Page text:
Kebimbangan ini bukannya tidak berasas. Terdapat banyak bukti dan laporan yang direkodkan mengenai penganiayaan dan pelanggaran hak asasi manusia oleh Jabatan Agama Islam terhadap golongan transgender. Kajian mengenai Diskriminasi terhadap Golongan Transgender di Kuala Lumpur dan Selangor oleh Suhakam mendedahkan bahawa 39 daripada 69 orang wanita trans yang ditemubual (57%) telah mengalami penangkapan sewenang-wenang oleh sebab identiti gender mereka, sementara ramai lagi yang lain mempunyai pengalaman negatif dengan agensi penguatkuasaan undang-undang. Angka ini membimbangkan kerana mereka menunjukkan wanita trans disasarkan secara tidak seimbang dan ditangkap berdasarkan identiti gender mereka. Kajian tersebut juga mendokumentasi kesan daripada pengalaman negatif dengan agensi penguatkuasaan telah menyebabkan antara lainnya, kegelisahan, trauma, dan kemurungan. Empat individu telah menyatakan bahawa mereka mengalami fikiran untuk bunuh diri, dan seorang telah cuba untuk membunuh akibat pengalaman negatif mereka.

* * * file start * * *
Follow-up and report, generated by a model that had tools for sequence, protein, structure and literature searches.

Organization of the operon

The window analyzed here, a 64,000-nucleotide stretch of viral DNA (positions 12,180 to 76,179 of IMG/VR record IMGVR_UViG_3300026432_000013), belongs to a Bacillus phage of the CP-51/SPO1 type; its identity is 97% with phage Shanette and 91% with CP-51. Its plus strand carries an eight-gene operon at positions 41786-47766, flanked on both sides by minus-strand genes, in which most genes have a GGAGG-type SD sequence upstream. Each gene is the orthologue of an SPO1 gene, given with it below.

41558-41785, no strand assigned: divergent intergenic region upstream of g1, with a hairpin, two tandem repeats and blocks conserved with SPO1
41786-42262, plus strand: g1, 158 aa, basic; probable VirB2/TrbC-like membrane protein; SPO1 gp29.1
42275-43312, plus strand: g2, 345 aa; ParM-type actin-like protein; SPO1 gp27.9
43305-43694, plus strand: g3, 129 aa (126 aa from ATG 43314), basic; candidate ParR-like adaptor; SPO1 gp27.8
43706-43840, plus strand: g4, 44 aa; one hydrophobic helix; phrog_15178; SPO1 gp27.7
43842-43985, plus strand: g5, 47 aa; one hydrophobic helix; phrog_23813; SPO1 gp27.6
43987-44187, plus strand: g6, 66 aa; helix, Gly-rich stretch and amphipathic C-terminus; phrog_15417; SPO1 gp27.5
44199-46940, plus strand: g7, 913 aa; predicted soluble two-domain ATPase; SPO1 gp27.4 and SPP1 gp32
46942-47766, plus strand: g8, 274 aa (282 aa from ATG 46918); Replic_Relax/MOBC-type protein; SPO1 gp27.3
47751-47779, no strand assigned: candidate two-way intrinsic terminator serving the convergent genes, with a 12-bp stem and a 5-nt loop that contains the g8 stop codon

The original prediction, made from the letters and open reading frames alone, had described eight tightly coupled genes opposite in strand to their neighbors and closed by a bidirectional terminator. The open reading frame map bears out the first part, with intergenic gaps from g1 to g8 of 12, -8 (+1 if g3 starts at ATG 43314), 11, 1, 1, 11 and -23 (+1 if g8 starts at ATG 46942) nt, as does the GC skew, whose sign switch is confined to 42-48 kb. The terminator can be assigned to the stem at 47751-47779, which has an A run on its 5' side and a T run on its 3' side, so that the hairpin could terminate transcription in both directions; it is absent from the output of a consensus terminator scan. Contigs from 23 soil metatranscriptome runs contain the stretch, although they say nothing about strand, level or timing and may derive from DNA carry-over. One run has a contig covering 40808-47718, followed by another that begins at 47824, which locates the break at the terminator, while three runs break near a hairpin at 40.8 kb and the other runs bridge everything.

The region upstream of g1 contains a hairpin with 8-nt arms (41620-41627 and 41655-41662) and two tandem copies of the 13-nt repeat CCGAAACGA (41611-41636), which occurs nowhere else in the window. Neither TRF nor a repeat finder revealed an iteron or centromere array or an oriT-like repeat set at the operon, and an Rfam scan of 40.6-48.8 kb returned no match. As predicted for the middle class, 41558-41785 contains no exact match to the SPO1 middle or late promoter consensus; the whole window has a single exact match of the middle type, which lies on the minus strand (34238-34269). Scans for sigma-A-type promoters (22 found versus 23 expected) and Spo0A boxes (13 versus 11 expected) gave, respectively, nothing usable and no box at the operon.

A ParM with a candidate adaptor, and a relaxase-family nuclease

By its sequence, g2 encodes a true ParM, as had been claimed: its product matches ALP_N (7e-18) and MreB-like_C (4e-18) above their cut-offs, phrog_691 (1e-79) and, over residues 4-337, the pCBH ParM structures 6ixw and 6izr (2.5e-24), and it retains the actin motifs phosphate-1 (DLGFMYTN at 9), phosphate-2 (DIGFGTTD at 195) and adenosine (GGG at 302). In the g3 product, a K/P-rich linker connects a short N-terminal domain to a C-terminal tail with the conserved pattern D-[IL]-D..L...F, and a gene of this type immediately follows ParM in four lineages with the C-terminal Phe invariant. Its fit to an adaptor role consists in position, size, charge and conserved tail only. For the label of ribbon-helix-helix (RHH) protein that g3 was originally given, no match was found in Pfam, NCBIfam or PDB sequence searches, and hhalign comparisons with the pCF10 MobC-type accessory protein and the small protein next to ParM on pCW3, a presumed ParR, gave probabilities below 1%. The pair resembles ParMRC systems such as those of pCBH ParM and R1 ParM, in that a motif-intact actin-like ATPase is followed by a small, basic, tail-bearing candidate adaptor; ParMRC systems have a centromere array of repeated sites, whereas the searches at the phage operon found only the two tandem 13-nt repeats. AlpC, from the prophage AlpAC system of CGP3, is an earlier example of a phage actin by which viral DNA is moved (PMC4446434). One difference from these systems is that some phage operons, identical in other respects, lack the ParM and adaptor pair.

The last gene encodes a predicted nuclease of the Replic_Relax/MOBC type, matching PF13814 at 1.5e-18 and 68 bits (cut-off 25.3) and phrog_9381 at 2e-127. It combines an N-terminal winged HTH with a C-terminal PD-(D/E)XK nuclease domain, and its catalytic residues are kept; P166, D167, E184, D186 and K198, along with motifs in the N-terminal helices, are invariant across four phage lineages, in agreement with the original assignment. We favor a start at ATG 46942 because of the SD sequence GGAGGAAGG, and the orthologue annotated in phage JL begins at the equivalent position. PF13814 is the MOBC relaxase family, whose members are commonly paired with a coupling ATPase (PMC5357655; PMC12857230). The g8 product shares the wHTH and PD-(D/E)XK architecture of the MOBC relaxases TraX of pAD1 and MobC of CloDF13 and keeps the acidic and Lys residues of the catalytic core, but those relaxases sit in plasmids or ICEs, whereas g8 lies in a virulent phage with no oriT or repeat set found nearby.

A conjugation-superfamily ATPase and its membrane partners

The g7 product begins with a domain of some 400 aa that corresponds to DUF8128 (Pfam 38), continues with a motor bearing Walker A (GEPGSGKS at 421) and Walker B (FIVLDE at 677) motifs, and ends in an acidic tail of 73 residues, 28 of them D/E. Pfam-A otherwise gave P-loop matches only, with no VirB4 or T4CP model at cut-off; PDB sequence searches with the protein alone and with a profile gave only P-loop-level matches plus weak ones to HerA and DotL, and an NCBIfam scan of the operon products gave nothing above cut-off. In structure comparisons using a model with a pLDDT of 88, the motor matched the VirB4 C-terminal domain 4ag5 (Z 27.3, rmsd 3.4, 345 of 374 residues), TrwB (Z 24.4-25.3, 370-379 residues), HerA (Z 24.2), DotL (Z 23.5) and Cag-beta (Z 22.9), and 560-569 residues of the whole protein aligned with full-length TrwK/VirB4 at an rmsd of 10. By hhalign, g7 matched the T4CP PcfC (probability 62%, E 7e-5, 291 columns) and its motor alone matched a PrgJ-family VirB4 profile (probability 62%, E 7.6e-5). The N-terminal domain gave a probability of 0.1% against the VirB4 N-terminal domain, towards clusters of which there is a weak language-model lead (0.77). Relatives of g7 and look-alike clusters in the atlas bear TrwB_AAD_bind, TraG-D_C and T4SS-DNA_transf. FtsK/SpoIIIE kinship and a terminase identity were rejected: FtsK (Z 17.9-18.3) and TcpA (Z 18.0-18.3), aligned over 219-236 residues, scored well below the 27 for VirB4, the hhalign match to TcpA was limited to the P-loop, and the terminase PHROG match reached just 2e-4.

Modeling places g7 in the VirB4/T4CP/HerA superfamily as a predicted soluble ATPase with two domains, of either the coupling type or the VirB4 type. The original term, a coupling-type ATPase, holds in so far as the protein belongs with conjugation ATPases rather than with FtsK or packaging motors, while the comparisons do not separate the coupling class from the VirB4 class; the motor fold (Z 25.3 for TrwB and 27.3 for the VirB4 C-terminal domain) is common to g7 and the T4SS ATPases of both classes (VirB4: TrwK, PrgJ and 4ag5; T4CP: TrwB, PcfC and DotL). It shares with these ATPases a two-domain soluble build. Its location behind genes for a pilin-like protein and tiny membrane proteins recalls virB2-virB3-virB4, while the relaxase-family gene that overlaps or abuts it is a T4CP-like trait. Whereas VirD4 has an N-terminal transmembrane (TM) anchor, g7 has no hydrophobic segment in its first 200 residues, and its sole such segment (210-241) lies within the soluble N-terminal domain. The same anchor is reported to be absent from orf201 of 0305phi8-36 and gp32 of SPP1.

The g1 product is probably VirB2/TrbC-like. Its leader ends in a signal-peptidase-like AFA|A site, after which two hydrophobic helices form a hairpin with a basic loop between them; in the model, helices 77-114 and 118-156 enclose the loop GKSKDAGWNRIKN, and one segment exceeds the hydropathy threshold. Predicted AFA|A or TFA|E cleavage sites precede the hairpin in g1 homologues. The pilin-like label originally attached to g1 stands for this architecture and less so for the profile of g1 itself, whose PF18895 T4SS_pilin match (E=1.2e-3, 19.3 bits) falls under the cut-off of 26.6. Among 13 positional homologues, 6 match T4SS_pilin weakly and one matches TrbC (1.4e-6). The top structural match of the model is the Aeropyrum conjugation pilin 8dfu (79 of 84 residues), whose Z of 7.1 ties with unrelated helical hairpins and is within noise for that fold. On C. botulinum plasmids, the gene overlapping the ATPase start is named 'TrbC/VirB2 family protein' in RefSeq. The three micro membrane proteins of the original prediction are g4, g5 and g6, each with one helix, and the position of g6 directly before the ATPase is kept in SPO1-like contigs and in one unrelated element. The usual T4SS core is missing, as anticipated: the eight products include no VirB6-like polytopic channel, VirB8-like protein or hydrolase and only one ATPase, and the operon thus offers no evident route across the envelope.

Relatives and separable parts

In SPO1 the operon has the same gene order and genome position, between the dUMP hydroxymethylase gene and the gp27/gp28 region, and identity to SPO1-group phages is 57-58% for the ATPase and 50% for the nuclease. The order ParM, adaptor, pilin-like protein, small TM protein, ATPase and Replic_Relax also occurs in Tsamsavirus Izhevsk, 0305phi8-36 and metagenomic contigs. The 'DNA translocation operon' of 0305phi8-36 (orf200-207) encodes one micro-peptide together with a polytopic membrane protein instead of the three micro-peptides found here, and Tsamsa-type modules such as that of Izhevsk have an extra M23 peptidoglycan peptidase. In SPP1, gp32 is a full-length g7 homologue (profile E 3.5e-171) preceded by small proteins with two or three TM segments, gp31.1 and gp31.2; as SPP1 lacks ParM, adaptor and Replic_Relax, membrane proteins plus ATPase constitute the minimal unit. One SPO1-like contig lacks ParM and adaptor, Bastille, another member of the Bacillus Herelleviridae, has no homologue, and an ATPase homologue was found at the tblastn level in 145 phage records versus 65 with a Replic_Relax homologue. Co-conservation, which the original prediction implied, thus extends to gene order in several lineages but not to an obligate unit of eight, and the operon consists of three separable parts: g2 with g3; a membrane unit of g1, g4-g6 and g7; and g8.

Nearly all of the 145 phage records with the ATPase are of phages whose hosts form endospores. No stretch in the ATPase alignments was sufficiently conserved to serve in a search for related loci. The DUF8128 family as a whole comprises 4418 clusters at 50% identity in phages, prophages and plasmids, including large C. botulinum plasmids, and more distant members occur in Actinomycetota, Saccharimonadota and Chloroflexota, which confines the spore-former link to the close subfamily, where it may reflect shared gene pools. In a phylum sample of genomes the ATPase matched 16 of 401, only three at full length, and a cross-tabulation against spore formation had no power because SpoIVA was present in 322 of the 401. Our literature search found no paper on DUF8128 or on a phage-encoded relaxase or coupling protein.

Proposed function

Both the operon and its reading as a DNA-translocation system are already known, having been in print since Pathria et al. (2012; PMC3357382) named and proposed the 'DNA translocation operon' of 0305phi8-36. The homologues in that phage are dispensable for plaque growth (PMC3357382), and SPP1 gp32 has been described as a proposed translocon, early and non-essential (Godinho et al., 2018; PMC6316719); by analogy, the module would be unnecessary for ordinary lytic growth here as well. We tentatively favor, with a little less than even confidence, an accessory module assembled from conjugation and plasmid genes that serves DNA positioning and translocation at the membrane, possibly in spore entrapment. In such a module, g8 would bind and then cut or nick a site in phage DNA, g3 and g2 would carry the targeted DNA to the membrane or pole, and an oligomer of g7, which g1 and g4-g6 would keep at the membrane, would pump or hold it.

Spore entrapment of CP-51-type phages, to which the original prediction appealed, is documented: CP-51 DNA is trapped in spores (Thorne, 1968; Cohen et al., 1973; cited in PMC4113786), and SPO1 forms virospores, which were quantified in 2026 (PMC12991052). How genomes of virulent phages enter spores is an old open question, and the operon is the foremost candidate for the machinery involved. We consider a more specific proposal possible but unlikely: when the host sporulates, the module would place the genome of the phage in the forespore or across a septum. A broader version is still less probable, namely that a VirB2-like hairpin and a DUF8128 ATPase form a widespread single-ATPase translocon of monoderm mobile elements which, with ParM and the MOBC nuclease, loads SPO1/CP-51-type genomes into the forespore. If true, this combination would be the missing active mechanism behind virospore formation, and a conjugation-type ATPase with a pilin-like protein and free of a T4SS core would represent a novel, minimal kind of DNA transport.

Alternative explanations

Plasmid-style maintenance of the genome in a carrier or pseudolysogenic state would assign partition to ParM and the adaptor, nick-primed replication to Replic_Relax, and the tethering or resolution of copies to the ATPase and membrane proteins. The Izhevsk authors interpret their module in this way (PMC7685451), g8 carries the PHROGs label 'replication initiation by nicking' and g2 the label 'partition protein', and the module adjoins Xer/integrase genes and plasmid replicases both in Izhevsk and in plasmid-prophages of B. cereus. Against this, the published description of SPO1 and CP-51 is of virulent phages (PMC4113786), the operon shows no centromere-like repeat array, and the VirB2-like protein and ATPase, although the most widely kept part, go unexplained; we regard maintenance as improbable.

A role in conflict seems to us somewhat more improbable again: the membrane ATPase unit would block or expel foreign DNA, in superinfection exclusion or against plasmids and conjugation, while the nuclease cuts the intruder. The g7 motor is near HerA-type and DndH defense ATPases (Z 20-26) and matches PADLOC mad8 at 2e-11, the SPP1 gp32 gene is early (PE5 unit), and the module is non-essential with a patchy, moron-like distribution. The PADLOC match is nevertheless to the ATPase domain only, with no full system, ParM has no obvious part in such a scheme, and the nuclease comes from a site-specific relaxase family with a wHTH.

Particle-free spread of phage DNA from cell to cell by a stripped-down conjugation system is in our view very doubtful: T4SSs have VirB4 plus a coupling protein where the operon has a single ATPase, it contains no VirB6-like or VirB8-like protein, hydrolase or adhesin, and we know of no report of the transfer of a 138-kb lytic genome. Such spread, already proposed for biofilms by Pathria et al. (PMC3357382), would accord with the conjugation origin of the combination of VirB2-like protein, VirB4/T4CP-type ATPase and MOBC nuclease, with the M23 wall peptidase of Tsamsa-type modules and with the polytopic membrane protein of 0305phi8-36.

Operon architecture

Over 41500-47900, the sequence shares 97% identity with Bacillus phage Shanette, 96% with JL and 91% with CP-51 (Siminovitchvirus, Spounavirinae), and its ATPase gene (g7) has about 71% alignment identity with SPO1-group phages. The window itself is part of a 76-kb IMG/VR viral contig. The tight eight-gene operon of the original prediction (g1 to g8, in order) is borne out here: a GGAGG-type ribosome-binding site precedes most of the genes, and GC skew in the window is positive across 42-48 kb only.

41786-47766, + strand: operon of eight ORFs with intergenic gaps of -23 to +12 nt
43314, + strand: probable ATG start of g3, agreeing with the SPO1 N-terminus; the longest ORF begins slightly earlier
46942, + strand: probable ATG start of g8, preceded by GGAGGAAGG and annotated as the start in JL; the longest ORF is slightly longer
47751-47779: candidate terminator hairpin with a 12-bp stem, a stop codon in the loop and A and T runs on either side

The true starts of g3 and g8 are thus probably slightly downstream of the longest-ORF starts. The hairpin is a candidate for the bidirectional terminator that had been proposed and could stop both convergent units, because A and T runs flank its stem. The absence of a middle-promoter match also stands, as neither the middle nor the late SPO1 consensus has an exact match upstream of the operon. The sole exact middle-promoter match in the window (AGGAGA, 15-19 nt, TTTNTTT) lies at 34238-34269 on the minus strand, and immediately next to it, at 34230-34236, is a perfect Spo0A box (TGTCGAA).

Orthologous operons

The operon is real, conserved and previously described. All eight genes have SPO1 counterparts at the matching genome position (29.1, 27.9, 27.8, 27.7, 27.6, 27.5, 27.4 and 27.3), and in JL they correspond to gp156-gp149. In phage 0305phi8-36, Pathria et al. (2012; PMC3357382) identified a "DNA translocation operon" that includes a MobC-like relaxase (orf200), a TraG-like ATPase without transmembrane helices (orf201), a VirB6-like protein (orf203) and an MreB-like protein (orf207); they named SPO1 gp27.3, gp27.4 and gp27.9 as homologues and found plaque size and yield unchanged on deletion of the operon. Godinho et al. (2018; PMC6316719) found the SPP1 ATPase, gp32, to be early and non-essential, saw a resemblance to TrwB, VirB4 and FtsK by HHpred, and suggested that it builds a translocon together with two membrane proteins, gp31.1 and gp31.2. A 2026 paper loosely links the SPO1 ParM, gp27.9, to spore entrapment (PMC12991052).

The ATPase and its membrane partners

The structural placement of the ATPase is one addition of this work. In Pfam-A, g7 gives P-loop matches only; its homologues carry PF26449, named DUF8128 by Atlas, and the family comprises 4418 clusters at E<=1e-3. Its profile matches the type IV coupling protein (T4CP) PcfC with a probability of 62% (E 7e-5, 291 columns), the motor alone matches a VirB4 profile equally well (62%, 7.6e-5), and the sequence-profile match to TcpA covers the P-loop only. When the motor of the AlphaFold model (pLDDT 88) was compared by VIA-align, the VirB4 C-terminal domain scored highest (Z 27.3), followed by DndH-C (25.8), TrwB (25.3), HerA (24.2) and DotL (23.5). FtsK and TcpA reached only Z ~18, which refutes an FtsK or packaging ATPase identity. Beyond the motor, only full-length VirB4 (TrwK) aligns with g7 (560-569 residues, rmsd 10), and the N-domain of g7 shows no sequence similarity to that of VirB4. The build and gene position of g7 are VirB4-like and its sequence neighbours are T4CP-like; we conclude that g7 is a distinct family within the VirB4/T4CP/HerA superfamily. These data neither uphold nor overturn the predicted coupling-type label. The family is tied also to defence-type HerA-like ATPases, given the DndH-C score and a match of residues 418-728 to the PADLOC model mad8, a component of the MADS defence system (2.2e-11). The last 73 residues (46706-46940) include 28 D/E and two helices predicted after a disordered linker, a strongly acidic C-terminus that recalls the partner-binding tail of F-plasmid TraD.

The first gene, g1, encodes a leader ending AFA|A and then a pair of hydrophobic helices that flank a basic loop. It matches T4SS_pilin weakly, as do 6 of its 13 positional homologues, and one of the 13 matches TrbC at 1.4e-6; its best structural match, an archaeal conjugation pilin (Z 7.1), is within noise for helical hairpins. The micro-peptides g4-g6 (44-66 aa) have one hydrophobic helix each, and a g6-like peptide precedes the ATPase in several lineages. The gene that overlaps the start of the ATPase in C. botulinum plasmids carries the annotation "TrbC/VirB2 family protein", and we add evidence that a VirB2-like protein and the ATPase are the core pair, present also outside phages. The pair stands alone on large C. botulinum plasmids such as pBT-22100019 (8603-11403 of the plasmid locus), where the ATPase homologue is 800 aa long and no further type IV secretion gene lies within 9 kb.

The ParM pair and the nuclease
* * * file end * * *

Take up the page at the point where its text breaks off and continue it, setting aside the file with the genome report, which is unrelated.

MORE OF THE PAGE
Sementara itu, Human Rights Watch melalui I am Scared to be a Woman mendokumentasikan pelbagai bentuk pencabulan dan keganasan yang dialami golongan wanita trans semasa penangkapan dan penahanan mereka serta kesannya terhadap pekerjaan dan hubungan interpersonal.

Dokumentasi pencabulan hak asasi manusia dalam laporan-laporan ini masih belum disiasat dan masih belum ada yang dipertanggungjawabkan. Kebenaran untuk menangkap individu transgender ini secara dasarnya memberikan lesen untuk mendiskriminasi, mempromosi kebencian, dan mencabul hak golongan wanita transgender di Malaysia sewenang-wenangnya. Ia merupakan lesen yang dinikmati oleh aktor negara yang bebas untuk menangkap dan menjalankan terapi ‘kembali ke pangkal jalan’ sewenang-wenangnya, tanpa apa-apa bentuk akauntabiliti, walaupun ianya mengakibatkan penyekatan terhadap ekspresi diri dan identiti, kebebasan untuk bergerak, dan akses kepada keadilan. Persekitaran ini lebih menyukarkan bagi golongan transgender untuk melaporkan pencabulan hak asasi manusia.